When my son was a toddler, an ophthalmologist diagnosed him with a form of amblyopia (lazy eye) and recommended an eye patch to improve his overall vision. But, he added, he couldn’t promise that my son would ever have normal depth perception. I felt like I’d been kicked in the gut. I threw a few search terms into Google, came upon an offbeat treatment for eye disorders called vision therapy, and soon found a local practitioner, a middle-aged Chinese-American woman with short hair and half-moon glasses whose messy office was filled with eye charts and board games and had tennis balls hanging from the ceiling and who promptly engaged my son in games and eye exercises. Immediately, I knew we were doing the right thing. But when I told the ophthalmologist about the vision therapy, he told me flatly that, at least in my son’s case, it was mumbo-jumbo and not to waste my money. Although I’m a physician, the concept of vision therapy made intuitive sense. It was low-risk: Even if it didn’t work, we had nothing to lose, other than co-pays and time. If you’re the parent of a child with a problem and you have the means to look for answers outside of the box, this is what you do.
In his engaging, provocative, and angry new book, The Panic Virus: A True Story of Medicine, Science and Fear, Seth Mnookin traces the history of the myth that vaccines cause developmental disorders like autism. In the process, he profiles a number of mothers with autistic children who followed their gut instinct away from conventional medicine and ended up on the front lines of vaccine paranoia. In the late 1990s, Vicky Debold, a nurse in Pennsylvania, grew concerned when her young son Sam stopped trying to walk, developed severe diarrhea, and lost his curiosity about people. Devastated when a doctor told her Sam was autistic and further dismayed by local support groups where she found parents who “seemed resigned to their fates,” Debold got busy. An Internet search introduced her to Andrew Wakefield, whose theories linking the MMR vaccine to intestinaldisorders and autism were gaining currency among many parents of autistic children. When she subsequently met Wakefield at a conference, she was gratified that he took her concerns seriously and suggested some next steps: an X-ray, maybe a colonoscopy, a visit with a gastroenterologist. Unlike other doctors, who had no answers, Wakefield offered hope. Even if this hope came via costly, invasive tests and even if he was scapegoating the MMR vaccine, can you really blame parents for listening?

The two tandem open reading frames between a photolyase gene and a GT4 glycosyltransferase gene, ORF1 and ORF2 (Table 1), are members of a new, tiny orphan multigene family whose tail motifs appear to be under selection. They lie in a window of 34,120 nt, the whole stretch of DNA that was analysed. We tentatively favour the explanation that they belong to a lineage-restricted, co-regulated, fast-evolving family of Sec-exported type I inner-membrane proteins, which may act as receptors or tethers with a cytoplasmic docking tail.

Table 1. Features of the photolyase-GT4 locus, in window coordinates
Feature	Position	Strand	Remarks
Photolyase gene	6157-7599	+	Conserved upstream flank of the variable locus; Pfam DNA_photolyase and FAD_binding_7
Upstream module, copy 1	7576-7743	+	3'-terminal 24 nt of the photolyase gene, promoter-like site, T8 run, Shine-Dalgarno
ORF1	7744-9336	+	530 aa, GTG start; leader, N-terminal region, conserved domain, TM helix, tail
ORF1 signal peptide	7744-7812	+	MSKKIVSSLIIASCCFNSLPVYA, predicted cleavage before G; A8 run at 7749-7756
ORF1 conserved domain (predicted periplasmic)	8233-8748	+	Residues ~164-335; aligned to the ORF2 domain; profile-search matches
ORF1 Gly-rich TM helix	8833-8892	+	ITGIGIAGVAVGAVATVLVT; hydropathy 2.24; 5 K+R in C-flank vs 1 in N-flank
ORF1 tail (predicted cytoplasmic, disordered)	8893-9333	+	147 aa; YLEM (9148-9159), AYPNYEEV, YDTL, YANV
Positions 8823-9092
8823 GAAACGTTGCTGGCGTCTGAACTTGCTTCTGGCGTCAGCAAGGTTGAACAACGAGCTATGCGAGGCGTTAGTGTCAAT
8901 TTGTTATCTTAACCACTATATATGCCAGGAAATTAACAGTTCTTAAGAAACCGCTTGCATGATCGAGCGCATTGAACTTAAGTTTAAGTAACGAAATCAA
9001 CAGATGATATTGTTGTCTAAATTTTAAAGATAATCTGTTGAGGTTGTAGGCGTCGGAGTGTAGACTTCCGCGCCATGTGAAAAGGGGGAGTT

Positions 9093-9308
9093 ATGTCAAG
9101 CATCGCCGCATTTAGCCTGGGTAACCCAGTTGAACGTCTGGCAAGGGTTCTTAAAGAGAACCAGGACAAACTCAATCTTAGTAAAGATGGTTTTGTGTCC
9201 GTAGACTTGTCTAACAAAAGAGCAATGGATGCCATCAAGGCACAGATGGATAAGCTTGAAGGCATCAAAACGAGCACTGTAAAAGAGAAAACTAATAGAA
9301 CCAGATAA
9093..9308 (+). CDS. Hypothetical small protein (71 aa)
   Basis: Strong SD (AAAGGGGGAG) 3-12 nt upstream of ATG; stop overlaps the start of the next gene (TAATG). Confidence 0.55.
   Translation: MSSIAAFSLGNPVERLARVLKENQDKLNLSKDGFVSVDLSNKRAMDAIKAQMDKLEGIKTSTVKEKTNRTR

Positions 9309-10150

Andrew Wakefield’s name is now infamous, of course: Just last month, a British Medical Journal investigative series by journalist Brian Deer accused him of being not only wrong about MMR and autism, but a fraud to boot. Mnookin, who completed his book well before these latest BMJ revelations, is determined to convince readers of Wakefield’s dangerous flakiness, and to this end he provides a few cringeworthy examples of Wakefield’s character. Such as the fact that, in the name of his research, Wakefield drew blood from young children at his son’s birthday party and—as though this somehow made it legit—paid them for it. Or the decidedly strange moment when Wakefield asks Mnookin about getting his new book (Callous Disregard, with a foreword by Jenny McCarthy) translated into Hebrew.
Mnookin doesn’t fault parents for searching for answers through listservs and autism conferences and talking to other parents, and he’s angry at sharks like Wakefield and others who take advantage of their desperation. But he has little patience for people who refuse to acknowledge scientific evidence and who, by sticking to the anti-vaccine party line, put everyone’s children at risk. Nobody else will suffer if my kid’s depth perception isn’t quite normal, but children who don’t get vaccinated can die, or can be the reason that other kids die. The book lingerson the case of Brie Romaguera, whowas just over four weeks old when she died from pertussis (whooping cough) in 2003. Too young for the DPT vaccine, she would never have caught pertussis if more of the children in her Louisiana community had been vaccinated.